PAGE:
Betrayal is a highly volatile theme in stories, a cornerstone of melodrama and tragedy. What The Piano manages to do so idiosyncratically is subdue and manipulate betrayal into a form of, for lack of a better word, exploration. And I believe the use of intimacy to turn betrayal into exploration is, in fact, a very human and true--but equally troubling--way of representing such actions. Betrayal, after all, seems to be a form of indulgence. This is what all stories with love triangles are trying to play with (but so often fail to do so in a worthwhile manner). The love triangle is so often a paradox of true love, or a dangerous cure to false love. It then emerges in stories where someone falls for a good person, but stumbles upon someone better - or someone they love differently. Exploration here is burdened by the idea of cheating; to even look elsewhere is to betray. The love triangle also forms, and this is often more common, in stories involving arranged or forced marriages; the original love, or an alternate love, provides a counter-point to ideas of the collective purpose of personal love. Exploration is a necessity and a relief here. The Piano, to a degree, deals with the former kind of love triangle, but, also veers from it slightly with our main character not necessarily escaping false love for true love, but finding an alternate kind of love which she comes to value (but that we find hard forgetting started with coercion). Nonetheless, the love triangle is so often a tool of betrayal, one that can deal with a just, or retaliatory, betrayal involving the deception of the 'bad guy', or it can be one that deals with a bitter-sweet or tragic betrayal which is concerned with the betrayal of oneself.

A film such as David Lean's Brief Encounter is a brilliant example of a film that deals with the love triangle as a betrayal of oneself as it tells a story of love at first sight as accidental and out of ones control; listening to the call of love becomes a form of indulgence almost impossible to characterise as either selfish or right; when does one listen to their heart?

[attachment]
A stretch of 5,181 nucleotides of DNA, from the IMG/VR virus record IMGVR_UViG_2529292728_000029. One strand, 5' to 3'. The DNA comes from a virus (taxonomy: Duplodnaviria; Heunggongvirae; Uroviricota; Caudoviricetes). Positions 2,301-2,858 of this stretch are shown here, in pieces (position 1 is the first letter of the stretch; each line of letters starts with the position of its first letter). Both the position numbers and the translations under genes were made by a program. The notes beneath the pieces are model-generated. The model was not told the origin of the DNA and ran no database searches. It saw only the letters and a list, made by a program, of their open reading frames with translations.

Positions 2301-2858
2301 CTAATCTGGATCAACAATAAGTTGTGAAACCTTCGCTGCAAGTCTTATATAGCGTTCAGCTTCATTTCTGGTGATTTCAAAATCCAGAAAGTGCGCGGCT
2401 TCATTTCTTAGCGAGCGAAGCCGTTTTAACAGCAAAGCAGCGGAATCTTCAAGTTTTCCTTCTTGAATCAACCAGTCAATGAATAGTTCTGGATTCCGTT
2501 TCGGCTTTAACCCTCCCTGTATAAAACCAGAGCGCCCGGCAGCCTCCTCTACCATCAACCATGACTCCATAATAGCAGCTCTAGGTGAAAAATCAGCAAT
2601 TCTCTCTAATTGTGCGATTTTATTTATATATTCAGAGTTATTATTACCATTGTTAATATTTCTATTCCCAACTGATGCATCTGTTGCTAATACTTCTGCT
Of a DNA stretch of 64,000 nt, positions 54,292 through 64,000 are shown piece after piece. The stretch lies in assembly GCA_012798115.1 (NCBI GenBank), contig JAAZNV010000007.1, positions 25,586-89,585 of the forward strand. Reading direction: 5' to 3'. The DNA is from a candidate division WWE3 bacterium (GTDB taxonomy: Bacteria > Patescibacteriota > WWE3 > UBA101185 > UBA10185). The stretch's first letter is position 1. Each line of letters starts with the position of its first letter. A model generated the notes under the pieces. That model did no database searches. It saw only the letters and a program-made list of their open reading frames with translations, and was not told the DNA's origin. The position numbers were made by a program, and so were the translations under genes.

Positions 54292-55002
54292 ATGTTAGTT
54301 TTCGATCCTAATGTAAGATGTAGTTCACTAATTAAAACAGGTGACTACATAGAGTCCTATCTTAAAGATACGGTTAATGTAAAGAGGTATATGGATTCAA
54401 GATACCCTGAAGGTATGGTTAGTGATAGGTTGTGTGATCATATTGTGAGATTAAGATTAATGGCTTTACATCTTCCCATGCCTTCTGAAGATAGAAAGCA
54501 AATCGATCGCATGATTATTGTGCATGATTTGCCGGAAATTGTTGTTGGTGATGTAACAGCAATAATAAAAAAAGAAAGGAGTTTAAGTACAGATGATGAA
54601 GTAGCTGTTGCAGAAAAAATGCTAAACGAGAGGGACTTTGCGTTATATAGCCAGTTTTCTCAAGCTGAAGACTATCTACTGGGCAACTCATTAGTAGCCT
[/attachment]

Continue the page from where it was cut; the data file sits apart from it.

The Piano asks similar questions to Brief Encounter, but flips the melodrama on its head, turning the positive emotions negative - the act of falling in love becomes hard to distinguish from coercion - and the negative emotions positive - the resolution of the story, the escape of the love triangle, becomes cathartic, not weighty and bittersweet as in Brief Encounter. Both films, interestingly, deal with the idea of voice at their core; the idea of not being able to speak. However, whilst Brief Encounter has a wife find a new kind of love in an honest, understanding silence with her husband, The Piano forgoes understanding, leaving the love itself as silent and the honesty split between its characters. This calls into question which film has the more cathartic ending, The Piano which ends on thoughts of death, or Brief Encounter, which ends with a loving embrace?

In the end, the comparison between Brief Encounter and The Piano reveals an intrinsic question of intimacy. Intimacy is tangible and between characters in Brief Encounter whilst in The Piano it is abstract and around the characters, a haze we, the audience, gaze through. Such reflects the incredibly significant impact that distance--implied via tone--plays in romances. And such seems to crack open, ever so slightly, the confounding experience that is The Piano.

If you're interested in finding out why I've written about this film, please check out the screenplay it is attached to.